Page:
When I pack for a trip, even for an overnight, diabetes supplies go first. I tend to overdo it – I calculate how many sensors, pump supplies, and test strips I’ll need and then add at least three extra days’ worth. My Humalog and a few old school syringes go in my purse and away we go.
But, this time? Whoops.
My brain didn’t calculate correctly. (Once again, please be grateful that I’m not in charge of calculating anything terribly important for the good of the world. We’d be lost.) I’m on the tail end of a two week familypalooza visit in another state to celebrate the kiddo’s second birthday and I ran out of glucose test strips. In fact, I’m on my last sensor and my last set. So, yesterday morning, we set off to the pharmacy to pick up a True2Go meter/strips combo. (Love this as a backup. I get them at Walgreens for $9.99 in cases like this.)
I brought the box up to the pharmacy counter and asked the pharmacist if they carried additional strips for this that I could purchase. (I usually throw the whole thing out when I’m done, but I’m curious.) He said yes, but then said: “But it comes with ten strips, so you should be OK.” I replied that I was a Type 1 diabetic on an insulin pump, so 10 strips may last me 24 hours. And then he said it:
“Oh, you have brittle diabetes.”
People talk about how, when they’re facing death, their life flashes before their eyes in a split second. Well, my diabetic life flashed before mine and then, before I could stop myself, I blurted:
“I do not have brittle diabetes. I have Type 1 diabetes and I do my best to keep my blood sugars in control, which means I test frequently. I hate that term. Why would you think I have brittle diabetes?”
His eyes widened and he apologized: “I’m sorry. This was the term they taught us to use twenty years ago when I was in pharmacy school. What term should I be using?”
Impressed that he asked, we went on to have a productive discussion about the terms “brittle” and “severe” when placed in front of the word “diabetes”. All diabetes is severe. Who chooses to determine that one person’s diabetes is better or worse than another’s?
“If I told you that I had breast cancer, would the first thing out of your mouth be a detailed story of someone who passed away from the disease?” I told him that strangers, upon hearing that I have diabetes, feel that it’s acceptable to give me the gruesome details about people they know who have died from it. I’ve gotten better at cutting them off politely and saying how sorry I was to hear about them, but that I was living and planned on doing so for a long time, but it still stings.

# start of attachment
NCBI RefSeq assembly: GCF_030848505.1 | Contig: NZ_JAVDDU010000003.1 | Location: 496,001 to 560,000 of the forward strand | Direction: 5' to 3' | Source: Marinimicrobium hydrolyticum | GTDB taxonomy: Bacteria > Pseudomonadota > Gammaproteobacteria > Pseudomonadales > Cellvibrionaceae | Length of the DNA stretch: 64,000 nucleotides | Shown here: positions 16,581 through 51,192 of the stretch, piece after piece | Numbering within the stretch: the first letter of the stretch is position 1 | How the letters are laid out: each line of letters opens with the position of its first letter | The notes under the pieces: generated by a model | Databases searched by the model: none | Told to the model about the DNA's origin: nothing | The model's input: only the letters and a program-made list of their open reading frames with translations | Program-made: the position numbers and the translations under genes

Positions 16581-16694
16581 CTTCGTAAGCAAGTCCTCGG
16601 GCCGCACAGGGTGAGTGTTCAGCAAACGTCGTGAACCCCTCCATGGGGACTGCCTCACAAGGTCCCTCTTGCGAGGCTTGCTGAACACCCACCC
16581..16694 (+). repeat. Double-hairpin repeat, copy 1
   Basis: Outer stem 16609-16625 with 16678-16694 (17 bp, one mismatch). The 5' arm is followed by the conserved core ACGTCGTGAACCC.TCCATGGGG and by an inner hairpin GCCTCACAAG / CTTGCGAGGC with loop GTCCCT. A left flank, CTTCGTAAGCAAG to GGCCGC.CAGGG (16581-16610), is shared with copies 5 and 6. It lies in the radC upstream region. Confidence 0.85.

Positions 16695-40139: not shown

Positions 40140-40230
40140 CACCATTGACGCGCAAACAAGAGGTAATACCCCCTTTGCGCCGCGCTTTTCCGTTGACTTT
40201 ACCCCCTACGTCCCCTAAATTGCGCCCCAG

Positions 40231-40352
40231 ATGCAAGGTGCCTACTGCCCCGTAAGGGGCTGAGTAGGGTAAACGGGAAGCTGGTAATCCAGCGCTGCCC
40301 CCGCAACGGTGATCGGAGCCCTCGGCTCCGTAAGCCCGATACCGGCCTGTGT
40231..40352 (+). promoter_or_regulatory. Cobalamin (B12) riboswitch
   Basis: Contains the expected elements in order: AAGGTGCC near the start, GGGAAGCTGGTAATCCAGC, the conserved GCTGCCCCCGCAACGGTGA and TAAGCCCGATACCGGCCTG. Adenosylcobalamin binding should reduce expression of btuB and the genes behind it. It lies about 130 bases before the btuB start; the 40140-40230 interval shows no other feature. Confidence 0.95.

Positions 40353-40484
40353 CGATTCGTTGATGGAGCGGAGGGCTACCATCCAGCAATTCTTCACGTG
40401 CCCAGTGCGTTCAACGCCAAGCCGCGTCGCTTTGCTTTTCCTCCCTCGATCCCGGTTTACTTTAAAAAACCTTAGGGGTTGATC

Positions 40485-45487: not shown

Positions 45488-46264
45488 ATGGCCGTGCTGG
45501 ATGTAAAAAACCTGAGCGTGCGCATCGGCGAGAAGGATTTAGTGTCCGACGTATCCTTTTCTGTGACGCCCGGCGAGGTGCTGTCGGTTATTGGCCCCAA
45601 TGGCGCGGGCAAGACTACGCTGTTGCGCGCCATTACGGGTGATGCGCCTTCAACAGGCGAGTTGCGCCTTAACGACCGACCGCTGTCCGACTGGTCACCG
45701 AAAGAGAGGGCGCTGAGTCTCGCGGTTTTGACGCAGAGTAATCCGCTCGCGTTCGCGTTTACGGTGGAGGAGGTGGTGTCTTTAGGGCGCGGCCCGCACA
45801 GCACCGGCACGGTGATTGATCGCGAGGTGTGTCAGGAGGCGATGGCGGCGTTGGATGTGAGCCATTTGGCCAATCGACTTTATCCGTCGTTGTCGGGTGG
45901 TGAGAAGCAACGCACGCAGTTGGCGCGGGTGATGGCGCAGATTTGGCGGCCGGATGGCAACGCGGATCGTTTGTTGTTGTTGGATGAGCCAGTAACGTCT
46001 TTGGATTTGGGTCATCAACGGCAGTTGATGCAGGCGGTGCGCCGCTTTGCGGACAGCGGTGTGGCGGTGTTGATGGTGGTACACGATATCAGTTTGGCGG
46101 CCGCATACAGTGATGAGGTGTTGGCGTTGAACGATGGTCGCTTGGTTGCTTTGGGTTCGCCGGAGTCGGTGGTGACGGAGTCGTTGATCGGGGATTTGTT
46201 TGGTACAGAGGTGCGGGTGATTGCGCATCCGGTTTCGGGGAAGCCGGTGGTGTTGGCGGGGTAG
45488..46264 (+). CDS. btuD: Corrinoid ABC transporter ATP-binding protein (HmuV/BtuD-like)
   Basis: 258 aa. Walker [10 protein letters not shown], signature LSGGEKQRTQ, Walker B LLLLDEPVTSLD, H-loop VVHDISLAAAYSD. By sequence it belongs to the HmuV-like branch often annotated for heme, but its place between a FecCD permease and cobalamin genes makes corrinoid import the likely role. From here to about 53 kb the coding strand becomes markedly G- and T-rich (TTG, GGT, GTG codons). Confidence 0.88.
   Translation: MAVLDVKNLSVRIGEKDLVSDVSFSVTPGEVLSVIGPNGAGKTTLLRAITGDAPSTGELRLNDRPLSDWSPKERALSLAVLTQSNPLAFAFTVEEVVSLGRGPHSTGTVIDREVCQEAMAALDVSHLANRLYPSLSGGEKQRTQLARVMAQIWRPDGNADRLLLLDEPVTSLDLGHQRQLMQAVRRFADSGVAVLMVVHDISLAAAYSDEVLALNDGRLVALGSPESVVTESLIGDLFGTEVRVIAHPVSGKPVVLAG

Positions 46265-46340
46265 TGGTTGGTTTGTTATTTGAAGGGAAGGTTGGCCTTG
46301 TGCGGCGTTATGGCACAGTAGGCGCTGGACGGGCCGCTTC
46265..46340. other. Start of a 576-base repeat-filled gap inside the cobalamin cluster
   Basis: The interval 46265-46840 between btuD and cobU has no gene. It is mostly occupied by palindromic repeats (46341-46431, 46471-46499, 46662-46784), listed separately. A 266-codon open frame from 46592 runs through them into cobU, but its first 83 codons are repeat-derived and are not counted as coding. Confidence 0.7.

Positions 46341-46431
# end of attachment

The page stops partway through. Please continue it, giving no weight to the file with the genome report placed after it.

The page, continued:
And it stung to hear him assume I had “brittle” diabetes, based solely on the statement I made about test strips. After our interaction (and the purchase of the meter and strip combo without additional strips), my emotions still ran high. It’s the labels that people place on diabetics without knowing our history or what we live with every day: “brittle”, “noncompliant”, “severe”… and that these labels are still in use today. I present the evidence…
Management Strategies for Brittle Diabetes – apparently, the term “brittle” is reserved for 3 in every 1,000 diabetics whose lives are rife with hospitalizations and inability to have a normal day. I was shocked that this article is from 2006. I had (incorrectly) assumed that it was no longer tossed around by the medical community. Wikipedia’s reference to brittle diabetes is beautifully stated:
This term, however, has no biologic basis and should not be used.
Thank you, Dr. Wikipedia. I’ll take that and put it on a t-shirt.
Ever been called “noncompliant” by a medical professional? Perhaps not to your face, but on a medical chart that you read? I have. But when only 57% of diabetics have an A1C under 7.0%, there’s a lot of us floating around.
It’s a horrible description of a person. We are people, not just diabetics, and the term paints us with a very broad brush. What about non-diabetics who don’t lose the 20 pounds the doctor suggests at a previous visit? If the patient has high cholesterol in a few lab results because they didn’t cut out the butter from their diets? Are they termed noncompliant? They should be, if one uses the same logic. Noncompliant implies that we are going against what the medical professionals say we need to do, but doesn’t take into account outside factors. I was termed “noncompliant” even though I was doing everything I could to keep my blood sugars stable. I felt guilty for years about it. It’s a highly charged emotional label for me.
This terrific article says that “noncompliant” should be banished – and I wholeheartedly agree. Peters states:
Calling someone noncompliant is not just rude; it is amazingly inaccurate and vague, and it leads to obvious treatment interventions that are just wrong and worthless. If we continue to refer to patients as diabetics or noncompliant diabetics, no change will occur, and patients with diabetes will not reach their treatment goals.
(He also talks about “diabetics” and “PWDs” in the article. Great read.)
“Severe diabetes”? I’d love for someone to give me the scientific parameters of what “severe” is… and I can’t believe that I found this article in which the researchers use the term “severe” in front of “diabetes”. My friend Kelly’s got the right attitude (and answer) in one of her awesome blog posts: Lesson For The Day – Don’t Put The Word Severe In Front Of The Word Diabetes Ever.
Whether you call me a diabetic or a person with diabetes isn’t a big deal for me; I answer to either. What I refuse to answer to is the term “brittle”. (Unless, of course, the word peanut is in front of it.)